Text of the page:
Still a ‘yes’ to voting

YOUNG Malaysians appear still keen to vote in the coming general election, going by the findings from a nationwide study by International Islamic University Malaysia’s (IIUM) Electoral Study Group in January.

“A total 88% of the young voters we interviewed said they will go out and vote even though a majority said politics leaves them cold,” says IIUM’s Prof Datuk Syed Arabi Idid, who leads the group.

A total of 1,092 voters aged between 21 and 35 from the urban and rural areas around the country were randomly surveyed for the study aimed at finding out young voters’ attitude towards voting and issues of their concern.

More than half said they were not interested in politics – particularly among the rural youth (55%). The interest in politics is lowest among those with primary and secondary education (42%).

One determining factor that will push them to vote or not, says Prof Syed Arabi, is how optimistic they are about the future of the country.

The survey found that 38% believe the future of the country would be good or better while another one-third (36%) said it would stay the same – they do not expect much negative change.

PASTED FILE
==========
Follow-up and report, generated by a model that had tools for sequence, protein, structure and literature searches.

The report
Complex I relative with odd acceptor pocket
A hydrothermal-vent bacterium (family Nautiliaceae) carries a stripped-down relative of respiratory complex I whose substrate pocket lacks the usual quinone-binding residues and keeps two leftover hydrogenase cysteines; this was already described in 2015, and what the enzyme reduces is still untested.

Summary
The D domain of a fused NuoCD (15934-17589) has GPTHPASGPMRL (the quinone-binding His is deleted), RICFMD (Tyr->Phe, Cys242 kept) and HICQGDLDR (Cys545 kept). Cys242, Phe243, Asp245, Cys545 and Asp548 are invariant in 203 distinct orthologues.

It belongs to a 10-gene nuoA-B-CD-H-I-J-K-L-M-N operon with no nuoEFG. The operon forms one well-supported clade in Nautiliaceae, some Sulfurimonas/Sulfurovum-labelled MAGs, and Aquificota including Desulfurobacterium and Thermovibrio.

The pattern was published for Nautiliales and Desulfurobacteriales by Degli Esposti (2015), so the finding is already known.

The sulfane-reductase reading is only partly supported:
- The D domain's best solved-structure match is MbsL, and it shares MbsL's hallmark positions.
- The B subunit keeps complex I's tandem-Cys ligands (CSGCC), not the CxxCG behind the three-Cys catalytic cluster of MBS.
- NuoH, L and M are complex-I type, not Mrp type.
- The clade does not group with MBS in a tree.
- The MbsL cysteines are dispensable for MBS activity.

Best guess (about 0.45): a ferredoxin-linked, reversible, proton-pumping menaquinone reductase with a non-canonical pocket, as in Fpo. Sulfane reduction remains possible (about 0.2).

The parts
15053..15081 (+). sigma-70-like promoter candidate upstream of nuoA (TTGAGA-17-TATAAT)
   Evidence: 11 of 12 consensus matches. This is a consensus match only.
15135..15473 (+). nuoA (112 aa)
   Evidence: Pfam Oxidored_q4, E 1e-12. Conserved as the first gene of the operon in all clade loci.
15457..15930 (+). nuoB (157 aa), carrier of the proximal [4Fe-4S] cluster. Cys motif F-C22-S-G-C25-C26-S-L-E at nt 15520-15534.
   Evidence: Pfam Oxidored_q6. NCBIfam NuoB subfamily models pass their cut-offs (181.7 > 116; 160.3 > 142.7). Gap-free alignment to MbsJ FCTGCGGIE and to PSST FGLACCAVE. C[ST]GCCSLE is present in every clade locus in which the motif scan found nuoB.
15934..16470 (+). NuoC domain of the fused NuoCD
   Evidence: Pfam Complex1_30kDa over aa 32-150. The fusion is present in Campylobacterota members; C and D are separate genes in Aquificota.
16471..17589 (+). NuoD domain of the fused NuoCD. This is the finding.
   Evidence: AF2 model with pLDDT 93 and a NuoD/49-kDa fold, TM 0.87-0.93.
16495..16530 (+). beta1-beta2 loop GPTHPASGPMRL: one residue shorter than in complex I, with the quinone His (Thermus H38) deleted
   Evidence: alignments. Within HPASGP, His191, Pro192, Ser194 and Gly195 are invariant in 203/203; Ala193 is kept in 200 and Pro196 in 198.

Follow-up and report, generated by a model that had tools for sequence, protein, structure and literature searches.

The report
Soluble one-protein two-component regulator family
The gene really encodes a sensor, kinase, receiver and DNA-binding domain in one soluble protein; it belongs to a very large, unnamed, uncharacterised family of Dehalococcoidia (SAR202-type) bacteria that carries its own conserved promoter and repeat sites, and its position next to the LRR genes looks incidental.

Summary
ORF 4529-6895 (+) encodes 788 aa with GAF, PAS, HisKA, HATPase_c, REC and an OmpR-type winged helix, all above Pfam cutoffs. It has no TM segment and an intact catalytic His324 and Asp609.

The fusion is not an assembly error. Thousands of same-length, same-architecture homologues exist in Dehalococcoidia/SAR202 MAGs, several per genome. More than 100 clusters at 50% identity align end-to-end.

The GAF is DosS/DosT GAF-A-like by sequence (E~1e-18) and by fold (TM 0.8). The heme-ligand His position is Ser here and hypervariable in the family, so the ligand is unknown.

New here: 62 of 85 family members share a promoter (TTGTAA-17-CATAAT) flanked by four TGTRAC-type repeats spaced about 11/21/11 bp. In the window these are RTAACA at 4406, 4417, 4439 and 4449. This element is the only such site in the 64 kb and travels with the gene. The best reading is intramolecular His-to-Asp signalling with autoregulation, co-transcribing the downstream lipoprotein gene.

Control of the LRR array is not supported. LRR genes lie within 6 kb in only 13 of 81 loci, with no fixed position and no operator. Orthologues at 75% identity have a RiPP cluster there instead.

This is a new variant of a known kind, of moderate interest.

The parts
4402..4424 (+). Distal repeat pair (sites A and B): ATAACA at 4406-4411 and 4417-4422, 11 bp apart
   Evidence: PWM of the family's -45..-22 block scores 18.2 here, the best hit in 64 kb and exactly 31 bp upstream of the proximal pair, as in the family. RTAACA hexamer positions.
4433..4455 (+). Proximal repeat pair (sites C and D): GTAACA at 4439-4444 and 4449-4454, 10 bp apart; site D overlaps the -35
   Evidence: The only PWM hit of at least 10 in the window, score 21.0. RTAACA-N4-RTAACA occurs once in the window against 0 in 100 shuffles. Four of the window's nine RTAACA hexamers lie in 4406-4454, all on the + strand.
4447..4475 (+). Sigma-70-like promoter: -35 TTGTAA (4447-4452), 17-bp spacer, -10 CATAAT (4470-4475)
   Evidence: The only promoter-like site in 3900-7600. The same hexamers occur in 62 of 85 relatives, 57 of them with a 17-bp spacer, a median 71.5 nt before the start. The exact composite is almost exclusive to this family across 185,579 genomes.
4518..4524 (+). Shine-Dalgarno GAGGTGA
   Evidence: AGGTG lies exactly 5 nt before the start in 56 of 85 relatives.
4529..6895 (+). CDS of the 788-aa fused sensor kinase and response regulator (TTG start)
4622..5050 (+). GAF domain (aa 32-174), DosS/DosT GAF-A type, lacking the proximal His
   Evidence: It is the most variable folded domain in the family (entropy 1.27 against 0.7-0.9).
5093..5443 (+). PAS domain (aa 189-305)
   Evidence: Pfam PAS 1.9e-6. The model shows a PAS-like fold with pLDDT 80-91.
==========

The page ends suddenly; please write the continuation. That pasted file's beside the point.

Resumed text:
Like other surveys have shown, the economy is the top concern among youth, irrespective of their background or education level.

Prof Syed Arabi, however, says youth voters are not only concerned about livelihood matters such as the cost of living and employment opportunities.

Many are also concerned about abstract issues such as human rights and freedom of expression, he says, describing them as ‘the hopeful voters’.

He believes that the young voters can still be the game changers in the 14th General Election despite the high number of those aged 21 to 30 years old who have not registered (over 2.5 million) and the #undirosak campaign.

However, Prof Syed Arabi is of the view that the #undirosak campaign – estimated to potentially influence only 1% of the total 14.6 million registered voters – is too small to have a significant impact.

But he hopes politicians will take heed of their message – that they are unhappy with the leaders from both sides of the political divide – and put up new faces at the polls and come up with good ideas to take the country forward.

As the study showed, the young voters are equally divided on whether to choose party or candidate in GE14.

“But it is apparent that a big portion of the young voters are concerned about the quality of their candidates,” says Prof Syed Arabi.

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Youth , Politics , GE14 , voters , general election , IIUM